Born in the upper Egypt, in Sharuna village, in Minya, Egypt, Awad studied at the literature department of Cairo University before setting off to England for further studies before the Second World War. He returned to Egypt in 1941, after which he lived in the Cairo district of Dokki for much of his adult life.
He studied literature at Cairo University, Cambridge University, and Princeton University. In 1947 he was a professor of English at Cairo University and published a revolutionary collection of poems called Plotoland (also spelled Plutoland) wherein he introduced free verse forms to Egyptian literature and presented a scathing attack on traditionalism in poetry.
He was the first Egyptian chairman of the English Department (Faculty of Letters) at Cairo University and while there, he encouraged students to listen to classical music. When surrealism in art reached Egypt, he didn't denounce it but was quoted as saying, "“Whatever we think about the originality of this art form in Egypt, it was good at dealing a death blow to academism.”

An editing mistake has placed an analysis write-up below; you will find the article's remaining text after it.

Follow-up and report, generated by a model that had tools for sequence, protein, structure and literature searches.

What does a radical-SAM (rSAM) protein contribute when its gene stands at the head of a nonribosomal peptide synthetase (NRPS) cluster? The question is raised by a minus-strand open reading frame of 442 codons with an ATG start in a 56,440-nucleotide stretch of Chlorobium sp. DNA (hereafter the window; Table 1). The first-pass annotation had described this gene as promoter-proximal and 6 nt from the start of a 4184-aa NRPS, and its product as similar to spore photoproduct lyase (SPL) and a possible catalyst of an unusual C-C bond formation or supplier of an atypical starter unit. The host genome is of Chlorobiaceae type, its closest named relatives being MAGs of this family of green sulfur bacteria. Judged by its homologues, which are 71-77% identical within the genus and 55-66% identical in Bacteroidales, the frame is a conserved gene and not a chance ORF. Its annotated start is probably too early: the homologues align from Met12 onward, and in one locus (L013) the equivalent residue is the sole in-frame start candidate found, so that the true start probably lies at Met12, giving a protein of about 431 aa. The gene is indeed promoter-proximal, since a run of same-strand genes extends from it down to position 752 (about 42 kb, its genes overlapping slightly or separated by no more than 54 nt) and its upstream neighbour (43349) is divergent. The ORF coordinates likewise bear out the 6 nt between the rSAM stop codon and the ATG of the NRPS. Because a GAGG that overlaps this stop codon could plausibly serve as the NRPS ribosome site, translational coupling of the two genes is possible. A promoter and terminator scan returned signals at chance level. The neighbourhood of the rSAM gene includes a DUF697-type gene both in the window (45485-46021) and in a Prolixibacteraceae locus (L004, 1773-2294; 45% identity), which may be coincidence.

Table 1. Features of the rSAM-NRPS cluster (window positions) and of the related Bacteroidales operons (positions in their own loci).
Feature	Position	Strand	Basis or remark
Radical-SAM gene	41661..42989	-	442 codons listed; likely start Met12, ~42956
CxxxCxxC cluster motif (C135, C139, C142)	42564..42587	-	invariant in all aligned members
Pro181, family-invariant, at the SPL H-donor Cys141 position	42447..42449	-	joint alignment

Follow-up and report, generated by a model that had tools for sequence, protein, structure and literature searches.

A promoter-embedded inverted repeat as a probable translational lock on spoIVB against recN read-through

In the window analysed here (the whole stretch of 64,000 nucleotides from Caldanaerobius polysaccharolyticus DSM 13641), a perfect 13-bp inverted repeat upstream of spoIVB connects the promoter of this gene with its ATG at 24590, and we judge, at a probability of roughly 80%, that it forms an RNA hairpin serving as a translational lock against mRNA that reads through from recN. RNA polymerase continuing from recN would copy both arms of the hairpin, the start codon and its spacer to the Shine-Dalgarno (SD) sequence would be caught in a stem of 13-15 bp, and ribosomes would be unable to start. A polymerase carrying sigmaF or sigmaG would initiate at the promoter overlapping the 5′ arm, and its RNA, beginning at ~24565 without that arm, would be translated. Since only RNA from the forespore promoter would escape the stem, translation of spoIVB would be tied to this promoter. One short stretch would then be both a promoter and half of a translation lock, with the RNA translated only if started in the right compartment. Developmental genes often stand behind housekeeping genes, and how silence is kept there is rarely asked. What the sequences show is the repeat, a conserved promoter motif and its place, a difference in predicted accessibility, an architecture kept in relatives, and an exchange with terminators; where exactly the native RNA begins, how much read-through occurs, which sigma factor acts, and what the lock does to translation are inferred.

From 1945 to 1950 he joined with other writers who drew from Marxism and other sources in a call for the total reform of Egyptian society. He attended talks by Taha Hussein with Denys Johnson-Davies. He was outspoken in his wish for "democratization and secularism in the Arab world" and he is celebrated in Egypt for having been a contemporary thinker.
Awad's unwavering critical stance continued after the 1952 revolution. As a consequence, he suffered the humiliation of being forced to resign his position at Cairo University in 1954. In 1976, he wrote about the revolution in The Seven Masks of Nasserism: Discussing Heikal and Tawfik Al-Hakim.
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